2. Squat: Start with a double leg squat and work up to a single leg box squat. The single leg will take you some time to build your stability. You may need to hold onto a chair or the wall on the way down. You want to work up to 15 to 20 repetitions.
  3. Calf Raises: These strengthen your achilles tendon. 

Don’t start with strength training exercises in the gym if you’re not used to it. If you start strength training while increasing your weekly mileage, it will put too much load on your legs. If you’re going to start at all, do it when your training has low mileage.

Another tip, never do a run session after strength training. Running is a much more complex activity that you’re more likely to get injured if you don’t have the strength in your legs after a gym session.

HalfMarathons: How important is running form to staying injury-free?

Louw: One of the top Kenyan runners has the worst running form you’ve ever seen and she won the London Marathon. It’s just the way that her body is built.

The only research that shows a certain running form is an issue is overstriding – where your foot falls in front of your knee on landing. Overstriding acts like a braking force.  The solution to overstriding is usually to increase your cadence, or steps per minute. The overstriding issue is why running form experts will tell you to run with your foot underneath your flexed knee. 

My opinion is that running form is the very last thing I will touch on and it’s easier to tweak little things here and there. 

I have a love-hate relationship around “cadence.” My default cadence is 155, if I try to make it any higher, I might die! I wouldn’t mess with those things unless there’s a real reason.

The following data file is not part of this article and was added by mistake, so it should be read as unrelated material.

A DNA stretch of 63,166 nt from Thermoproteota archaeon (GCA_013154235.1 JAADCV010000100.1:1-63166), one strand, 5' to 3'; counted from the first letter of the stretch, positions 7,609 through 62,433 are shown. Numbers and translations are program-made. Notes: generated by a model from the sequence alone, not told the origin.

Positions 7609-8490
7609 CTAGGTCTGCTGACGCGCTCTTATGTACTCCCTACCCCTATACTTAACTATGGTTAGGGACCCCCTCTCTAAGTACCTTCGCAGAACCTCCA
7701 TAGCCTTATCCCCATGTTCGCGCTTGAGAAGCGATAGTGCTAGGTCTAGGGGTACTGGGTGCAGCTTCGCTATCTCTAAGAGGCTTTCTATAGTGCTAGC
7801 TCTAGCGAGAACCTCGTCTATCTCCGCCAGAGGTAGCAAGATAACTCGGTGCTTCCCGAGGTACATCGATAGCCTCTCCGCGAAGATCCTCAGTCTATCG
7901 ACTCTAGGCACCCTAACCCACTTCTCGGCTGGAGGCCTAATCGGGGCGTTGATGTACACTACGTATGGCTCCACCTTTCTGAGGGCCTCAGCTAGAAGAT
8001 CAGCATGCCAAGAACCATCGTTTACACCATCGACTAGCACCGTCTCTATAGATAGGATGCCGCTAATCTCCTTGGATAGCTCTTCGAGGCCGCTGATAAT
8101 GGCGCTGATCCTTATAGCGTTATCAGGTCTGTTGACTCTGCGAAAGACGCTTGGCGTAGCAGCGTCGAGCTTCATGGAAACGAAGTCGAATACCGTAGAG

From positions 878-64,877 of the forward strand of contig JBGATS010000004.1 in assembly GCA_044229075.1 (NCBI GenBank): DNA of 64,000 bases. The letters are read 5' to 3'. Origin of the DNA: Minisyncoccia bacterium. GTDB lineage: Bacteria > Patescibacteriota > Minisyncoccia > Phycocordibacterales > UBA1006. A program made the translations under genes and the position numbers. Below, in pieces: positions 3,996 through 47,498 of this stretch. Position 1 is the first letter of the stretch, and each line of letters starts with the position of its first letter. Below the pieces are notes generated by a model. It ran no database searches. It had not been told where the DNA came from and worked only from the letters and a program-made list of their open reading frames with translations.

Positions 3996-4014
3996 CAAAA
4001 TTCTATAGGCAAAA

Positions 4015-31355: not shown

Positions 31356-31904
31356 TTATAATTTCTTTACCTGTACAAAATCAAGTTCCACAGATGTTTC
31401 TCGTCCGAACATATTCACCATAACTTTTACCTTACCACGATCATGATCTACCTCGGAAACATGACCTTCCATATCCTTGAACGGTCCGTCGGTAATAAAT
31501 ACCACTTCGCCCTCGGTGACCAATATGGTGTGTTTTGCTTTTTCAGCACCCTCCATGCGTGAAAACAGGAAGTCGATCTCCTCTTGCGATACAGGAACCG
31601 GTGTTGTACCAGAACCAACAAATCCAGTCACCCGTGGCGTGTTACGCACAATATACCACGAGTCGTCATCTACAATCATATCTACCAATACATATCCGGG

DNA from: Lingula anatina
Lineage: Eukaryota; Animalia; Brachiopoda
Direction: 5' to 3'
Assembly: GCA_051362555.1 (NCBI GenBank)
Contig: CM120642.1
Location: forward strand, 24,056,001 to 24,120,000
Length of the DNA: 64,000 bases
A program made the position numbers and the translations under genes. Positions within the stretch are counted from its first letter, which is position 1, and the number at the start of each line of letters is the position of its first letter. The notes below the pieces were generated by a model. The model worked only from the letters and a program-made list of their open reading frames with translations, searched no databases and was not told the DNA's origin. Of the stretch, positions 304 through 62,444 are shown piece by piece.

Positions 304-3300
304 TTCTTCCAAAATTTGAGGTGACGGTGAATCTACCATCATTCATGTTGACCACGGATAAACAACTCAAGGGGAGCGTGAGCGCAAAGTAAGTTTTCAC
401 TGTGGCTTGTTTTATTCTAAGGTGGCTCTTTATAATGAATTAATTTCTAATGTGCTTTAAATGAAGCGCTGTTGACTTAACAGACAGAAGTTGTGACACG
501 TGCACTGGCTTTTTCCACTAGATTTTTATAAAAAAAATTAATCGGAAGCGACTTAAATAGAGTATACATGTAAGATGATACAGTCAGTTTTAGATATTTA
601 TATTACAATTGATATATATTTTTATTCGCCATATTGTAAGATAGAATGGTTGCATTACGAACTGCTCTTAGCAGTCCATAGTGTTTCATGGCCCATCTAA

HalfMarathons: How should someone approach running after being injured? Are there standard wait times? Strength tests? Just start with slow, short distances and see if they feel better?

Louw: It varies per injury. It can be really difficult to give one blanket solution. I had to really break down all the essentials when it came to Exakt Health

Most running injuries require relative rest. You don’t stop all your activities, but you have to be honest with yourself about what increases paid and what doesn’t. It’s also helpful to look at what increases the symptoms you’re seeing the next day. Endurance athletes tend to not have great pain perception. If you’re not seeing progress in your relative rest and rehab program, you might have to stop running for a couple of weeks. 

You also have to be very mindful when reentering training. If, during your time off from running, you’re doing cross-training and you try to jump right back into running – you’ll be injured again. You have strength but not the type of strength you’ll need to pick right back up running again. A run-walk program will help you as though it was a strength-training running program.

Be very scientific about your recovery. Write down what mileage you are doing by week. Follow strength training and injury-avoidance protocols like we’ve developed at Exakt Health.

HalfMarathons: What about stretching before and after running?

It matters, but not as much as people want you to think about it. There is a group of Australian researchers who did a research study on stretching. There are past studies that claimed to show that static stretching is bad for you. But, if you read the actual report, that’s only if you’re holding the stretch for more than 2 minutes, then immediately testing your strength. That isn’t a normal way that anyone stretches!

If you only hold a stretch for 40 seconds or less, or do dynamic stretches, it’s great for a running warm up.  

Flexibility doesn’t prevent running injuries, but a lack of mobility does cause running injuries. 

HalfMarathons: What’s something under $100 you would recommend to a runner?

A good pair of shoes or a running watch to keep track of your pace and miles accurately.

HalfMarathons: If you could put something on a billboard for all runners – what would it say?

Don’t be an idiot! Just kidding. 

Run with your head, not your heart. Sometimes our hearts get excited and want to go further, faster. Follow a training schedule, download an app like Exakt Health, and you’ll be fine. 

To sum up what I’ve seen through the years – with running there’s always exceptions to the rules. This is why you should get personalized programs for injury prevention and injury treatment.